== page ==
I remember – when I first had girl problems – moping around the house. My grandaddy asked, “What’s wrong, son?” I told him that I was going to break-up with my girlfriend. His response, “You only had one girlfriend?” I told him that you’re supposed to only have one girlfriend. He said, “Son, just imagine that you’re going on a road trip, and one of your tires go flat.” My eyes went wide, like I figured out what he was saying. I said, so I’m supposed to have two girlfriends grandaddy? He said, “Son, you’re listening, but you’re not paying attention.” So now I’m confused. He said, “What if every tire on the car goes flat?” I’m good at math and did my calculation. Am I supposed to have eight girlfriends? He laughed and said, “You’re damn right!”

I remember the day my grandmother passed away. My little sister and I were at school and our stepdad came to pick us up early. When we got in the car, he broke the news. I screamed at the top of my lungs. My little sister was confused and I repeated what our stepdad said. “It’s grandmother; she’s dead!” He told us that she suffocated. When we got to the house, my entire family was there. It was the first time I saw him cry. When it came time for us to leave my grandaddy asked me to stay. He didn’t want to be left alone. He said, “Take the trash out son, I’ll give you a dollar. There’s ice cream in the refrigerator. You can eat as much as you want to.” So, I took the trash out, he gave me a dollar, and I ate ice cream until I fell asleep.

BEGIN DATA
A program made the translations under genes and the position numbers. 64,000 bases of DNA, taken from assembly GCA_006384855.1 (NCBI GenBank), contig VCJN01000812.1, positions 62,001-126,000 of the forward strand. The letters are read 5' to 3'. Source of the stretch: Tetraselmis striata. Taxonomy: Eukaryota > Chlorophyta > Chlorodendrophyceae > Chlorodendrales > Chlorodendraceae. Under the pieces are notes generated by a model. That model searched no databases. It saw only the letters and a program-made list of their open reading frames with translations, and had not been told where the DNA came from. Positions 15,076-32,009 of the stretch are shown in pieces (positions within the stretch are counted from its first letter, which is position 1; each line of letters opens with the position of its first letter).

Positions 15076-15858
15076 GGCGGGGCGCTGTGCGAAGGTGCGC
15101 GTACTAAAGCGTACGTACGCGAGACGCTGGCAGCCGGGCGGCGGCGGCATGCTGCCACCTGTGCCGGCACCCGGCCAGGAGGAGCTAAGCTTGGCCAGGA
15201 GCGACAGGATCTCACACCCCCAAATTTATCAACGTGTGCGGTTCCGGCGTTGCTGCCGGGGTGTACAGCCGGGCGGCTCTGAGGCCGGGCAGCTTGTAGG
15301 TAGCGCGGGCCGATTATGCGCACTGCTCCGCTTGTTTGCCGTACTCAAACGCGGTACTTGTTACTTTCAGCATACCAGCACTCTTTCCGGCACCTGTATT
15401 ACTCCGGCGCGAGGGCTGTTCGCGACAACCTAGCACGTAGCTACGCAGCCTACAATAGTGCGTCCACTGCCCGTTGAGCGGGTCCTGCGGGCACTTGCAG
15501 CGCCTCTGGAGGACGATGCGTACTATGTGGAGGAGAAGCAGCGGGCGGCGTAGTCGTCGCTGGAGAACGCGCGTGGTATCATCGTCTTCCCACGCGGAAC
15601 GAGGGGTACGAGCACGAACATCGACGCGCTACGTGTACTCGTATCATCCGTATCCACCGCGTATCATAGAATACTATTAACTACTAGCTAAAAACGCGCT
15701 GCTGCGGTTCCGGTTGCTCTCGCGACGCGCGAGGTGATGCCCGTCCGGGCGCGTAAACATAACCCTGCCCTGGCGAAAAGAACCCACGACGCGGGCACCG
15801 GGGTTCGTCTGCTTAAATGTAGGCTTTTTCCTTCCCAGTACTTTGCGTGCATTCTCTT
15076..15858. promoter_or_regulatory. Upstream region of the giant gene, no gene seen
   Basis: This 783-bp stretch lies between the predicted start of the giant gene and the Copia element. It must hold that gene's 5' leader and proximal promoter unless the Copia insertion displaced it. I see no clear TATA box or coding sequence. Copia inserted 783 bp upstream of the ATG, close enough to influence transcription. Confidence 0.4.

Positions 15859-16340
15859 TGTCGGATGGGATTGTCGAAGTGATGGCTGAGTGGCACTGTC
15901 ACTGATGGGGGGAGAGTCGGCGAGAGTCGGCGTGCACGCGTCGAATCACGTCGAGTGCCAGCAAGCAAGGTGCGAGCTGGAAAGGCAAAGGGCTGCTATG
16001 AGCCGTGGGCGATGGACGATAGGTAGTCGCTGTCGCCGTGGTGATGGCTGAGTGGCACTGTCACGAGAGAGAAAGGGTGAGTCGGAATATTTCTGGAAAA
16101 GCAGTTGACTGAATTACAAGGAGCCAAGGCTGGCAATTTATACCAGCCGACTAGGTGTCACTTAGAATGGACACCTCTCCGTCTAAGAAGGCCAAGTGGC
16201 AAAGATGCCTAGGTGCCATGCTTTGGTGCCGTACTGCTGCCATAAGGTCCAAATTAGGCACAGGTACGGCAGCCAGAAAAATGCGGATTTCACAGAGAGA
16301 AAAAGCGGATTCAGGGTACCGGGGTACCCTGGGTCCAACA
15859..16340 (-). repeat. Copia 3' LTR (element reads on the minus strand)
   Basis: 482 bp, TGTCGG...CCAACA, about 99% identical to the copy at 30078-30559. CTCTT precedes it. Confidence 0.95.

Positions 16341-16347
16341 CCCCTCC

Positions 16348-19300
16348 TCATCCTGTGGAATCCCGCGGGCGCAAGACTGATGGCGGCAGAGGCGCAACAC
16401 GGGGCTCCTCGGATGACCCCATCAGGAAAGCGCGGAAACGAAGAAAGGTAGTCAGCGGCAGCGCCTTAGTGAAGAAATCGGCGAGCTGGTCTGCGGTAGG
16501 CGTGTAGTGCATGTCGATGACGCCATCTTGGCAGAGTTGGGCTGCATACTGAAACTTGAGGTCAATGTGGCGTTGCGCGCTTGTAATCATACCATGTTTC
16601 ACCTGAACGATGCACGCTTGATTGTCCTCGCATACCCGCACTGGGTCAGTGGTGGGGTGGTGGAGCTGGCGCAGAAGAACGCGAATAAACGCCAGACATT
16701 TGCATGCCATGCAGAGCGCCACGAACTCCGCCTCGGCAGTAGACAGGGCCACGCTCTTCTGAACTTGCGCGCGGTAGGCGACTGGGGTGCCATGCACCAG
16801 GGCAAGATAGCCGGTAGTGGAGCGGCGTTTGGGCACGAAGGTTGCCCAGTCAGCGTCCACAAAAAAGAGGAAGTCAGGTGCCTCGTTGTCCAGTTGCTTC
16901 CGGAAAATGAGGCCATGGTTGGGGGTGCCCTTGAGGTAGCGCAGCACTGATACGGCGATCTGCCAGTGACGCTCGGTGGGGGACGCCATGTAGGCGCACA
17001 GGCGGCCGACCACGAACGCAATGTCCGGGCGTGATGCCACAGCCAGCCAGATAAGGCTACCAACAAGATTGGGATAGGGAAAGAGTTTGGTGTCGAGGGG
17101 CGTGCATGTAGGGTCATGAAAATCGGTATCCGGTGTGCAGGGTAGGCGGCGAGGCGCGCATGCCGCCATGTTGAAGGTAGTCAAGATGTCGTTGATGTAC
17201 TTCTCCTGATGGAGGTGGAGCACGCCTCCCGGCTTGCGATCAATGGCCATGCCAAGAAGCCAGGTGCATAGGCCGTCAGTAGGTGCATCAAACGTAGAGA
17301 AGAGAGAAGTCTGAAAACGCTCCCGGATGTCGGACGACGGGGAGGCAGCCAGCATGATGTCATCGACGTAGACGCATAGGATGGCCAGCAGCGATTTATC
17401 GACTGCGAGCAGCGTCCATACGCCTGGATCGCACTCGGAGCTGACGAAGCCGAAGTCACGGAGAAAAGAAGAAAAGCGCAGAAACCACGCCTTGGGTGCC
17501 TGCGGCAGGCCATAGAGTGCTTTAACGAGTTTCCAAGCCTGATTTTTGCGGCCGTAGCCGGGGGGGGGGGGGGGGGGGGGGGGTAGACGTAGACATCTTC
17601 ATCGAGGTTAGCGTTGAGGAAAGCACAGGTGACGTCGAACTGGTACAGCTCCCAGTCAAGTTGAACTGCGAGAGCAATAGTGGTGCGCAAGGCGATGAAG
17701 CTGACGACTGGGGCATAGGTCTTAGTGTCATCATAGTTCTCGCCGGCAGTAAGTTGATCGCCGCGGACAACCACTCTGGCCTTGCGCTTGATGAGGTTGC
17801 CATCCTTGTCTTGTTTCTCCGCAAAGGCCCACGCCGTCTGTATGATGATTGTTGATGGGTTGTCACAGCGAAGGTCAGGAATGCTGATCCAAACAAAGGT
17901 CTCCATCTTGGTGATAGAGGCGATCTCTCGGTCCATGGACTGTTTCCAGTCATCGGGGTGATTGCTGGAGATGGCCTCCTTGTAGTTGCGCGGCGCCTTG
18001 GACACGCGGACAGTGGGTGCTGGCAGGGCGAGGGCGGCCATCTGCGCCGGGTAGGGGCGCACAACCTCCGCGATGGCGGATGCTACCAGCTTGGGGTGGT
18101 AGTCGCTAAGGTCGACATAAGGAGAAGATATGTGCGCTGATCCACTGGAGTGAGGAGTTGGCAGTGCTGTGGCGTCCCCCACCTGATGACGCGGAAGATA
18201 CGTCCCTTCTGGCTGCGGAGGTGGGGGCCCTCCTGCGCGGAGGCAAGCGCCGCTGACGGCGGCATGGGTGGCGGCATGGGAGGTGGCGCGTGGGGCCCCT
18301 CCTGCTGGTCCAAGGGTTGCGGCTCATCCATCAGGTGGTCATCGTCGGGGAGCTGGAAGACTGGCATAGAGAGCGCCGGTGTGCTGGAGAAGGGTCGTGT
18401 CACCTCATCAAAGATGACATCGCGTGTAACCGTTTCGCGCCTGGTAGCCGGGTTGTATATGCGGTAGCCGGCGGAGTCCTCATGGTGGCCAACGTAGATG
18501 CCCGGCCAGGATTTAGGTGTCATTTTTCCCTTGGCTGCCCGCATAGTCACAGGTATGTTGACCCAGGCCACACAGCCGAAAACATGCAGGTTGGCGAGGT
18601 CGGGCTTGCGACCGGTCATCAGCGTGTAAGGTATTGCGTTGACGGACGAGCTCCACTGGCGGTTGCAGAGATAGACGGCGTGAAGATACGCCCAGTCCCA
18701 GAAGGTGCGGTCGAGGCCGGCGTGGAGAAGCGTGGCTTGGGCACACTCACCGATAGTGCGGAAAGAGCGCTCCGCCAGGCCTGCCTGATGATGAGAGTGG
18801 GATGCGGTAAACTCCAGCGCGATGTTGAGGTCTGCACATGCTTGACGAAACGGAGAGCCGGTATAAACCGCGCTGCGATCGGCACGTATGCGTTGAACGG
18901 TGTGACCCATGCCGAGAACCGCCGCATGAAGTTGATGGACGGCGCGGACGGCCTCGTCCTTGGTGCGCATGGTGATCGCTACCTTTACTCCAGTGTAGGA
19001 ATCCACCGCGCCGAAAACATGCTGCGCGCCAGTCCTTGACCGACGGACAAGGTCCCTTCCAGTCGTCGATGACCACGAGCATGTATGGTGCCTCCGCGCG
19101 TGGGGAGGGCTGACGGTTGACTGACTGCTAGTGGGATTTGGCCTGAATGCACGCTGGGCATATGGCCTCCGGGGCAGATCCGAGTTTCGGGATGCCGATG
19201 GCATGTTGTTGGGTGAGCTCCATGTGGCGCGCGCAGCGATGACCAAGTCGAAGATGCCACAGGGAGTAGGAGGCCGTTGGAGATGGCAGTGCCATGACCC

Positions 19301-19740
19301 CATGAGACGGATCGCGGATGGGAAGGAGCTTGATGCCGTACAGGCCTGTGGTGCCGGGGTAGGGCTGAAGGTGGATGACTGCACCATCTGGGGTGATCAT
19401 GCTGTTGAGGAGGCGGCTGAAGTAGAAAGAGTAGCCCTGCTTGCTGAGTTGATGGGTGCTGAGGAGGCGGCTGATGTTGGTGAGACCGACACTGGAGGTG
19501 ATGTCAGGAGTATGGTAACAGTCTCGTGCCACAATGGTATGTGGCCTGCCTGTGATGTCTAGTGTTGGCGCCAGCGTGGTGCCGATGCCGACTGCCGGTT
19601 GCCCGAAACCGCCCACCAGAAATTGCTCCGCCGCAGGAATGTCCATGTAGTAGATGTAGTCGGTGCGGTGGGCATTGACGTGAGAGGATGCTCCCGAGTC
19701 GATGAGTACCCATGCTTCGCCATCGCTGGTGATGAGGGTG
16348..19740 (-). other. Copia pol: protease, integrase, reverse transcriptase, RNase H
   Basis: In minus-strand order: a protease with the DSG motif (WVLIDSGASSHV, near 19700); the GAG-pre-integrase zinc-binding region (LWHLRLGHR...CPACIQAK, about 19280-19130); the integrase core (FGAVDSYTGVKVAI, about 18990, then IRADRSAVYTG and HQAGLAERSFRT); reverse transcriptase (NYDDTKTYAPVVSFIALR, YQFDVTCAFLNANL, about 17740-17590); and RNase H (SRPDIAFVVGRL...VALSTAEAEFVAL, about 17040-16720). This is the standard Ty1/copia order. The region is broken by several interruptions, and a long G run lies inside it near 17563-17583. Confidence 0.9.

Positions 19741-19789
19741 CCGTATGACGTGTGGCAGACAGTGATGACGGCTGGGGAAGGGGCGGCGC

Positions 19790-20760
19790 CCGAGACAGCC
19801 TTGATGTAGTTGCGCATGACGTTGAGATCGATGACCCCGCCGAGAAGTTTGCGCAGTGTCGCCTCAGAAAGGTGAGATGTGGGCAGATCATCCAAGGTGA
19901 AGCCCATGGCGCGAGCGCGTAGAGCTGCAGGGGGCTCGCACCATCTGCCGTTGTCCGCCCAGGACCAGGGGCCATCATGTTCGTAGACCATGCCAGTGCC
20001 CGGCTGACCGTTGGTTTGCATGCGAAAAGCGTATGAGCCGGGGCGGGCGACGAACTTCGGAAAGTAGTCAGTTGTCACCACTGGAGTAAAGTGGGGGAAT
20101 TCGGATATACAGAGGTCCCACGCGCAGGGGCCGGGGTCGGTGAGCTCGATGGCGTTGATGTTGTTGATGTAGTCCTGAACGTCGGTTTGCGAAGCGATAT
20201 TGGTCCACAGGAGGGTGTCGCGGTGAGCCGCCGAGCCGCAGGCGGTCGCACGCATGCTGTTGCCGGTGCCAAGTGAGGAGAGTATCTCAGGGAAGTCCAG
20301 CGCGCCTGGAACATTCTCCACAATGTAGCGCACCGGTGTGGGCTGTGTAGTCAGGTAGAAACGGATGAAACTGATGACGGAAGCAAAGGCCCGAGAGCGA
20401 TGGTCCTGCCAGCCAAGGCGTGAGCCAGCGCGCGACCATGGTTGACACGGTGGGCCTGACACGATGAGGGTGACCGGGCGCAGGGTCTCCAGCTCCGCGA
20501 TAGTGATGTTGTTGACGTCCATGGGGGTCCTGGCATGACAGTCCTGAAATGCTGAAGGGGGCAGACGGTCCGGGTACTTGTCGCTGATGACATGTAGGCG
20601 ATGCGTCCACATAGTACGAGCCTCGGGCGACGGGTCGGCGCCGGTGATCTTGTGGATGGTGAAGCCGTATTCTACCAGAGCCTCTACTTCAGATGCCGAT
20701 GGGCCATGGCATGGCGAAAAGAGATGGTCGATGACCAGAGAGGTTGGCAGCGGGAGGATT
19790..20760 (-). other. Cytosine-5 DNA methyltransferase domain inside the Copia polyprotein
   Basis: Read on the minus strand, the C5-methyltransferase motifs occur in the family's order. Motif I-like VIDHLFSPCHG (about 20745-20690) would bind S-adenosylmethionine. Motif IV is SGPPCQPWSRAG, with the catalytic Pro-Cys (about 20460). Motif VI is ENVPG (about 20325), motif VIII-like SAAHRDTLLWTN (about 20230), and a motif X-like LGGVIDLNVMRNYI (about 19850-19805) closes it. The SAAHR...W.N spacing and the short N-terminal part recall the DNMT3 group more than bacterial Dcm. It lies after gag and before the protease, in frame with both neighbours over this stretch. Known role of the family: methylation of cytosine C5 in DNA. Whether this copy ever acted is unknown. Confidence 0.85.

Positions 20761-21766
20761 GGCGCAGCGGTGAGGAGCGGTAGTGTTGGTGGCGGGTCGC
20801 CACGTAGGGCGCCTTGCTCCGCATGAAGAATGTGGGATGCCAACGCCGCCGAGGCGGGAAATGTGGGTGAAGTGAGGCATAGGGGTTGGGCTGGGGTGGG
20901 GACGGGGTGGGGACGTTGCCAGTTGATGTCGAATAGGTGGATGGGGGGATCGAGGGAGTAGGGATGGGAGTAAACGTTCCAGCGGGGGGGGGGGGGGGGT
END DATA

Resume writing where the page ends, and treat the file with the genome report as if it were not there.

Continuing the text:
“My Grandmother’s Love” by Phil R., IPWW student

The pain is unimaginable. I close my eyes. All I can see is the face of an angel. I see my grandmother’s face, but she isn’t here. I scream for her at the top of my lungs. Tears drop down my face, falling like treacherous rain, but the skies are blue. Clouds look like pillows floating in an ocean of my emotions. My grandmother still isn’t here. I’m screaming for her like I know for a fact that she’s going to come rescue me from this pain. A pain that I’ve never felt before. My eyes are closed, like vault doors trying to hold back the tears. I feel someone grab my hand, and tell me that everything is going to be okay. I open my eyes, and there she was. My angel. My grandmother. She held a wet cloth, and a band-aid. Even though the pain was still there, it didn’t seem so bad anymore. My tears slowly stopped falling because somehow I knew that everything was going to be just fine. I mean who knew that scraping your knee would hurt this much. To a five-year-old, it felt like my world was crashing down. I had jumped my neighbor’s fence to get my football, and when I was climbing back over, my foot slipped. I slammed my knee into the top of the prongs of the fence. I still have the scar.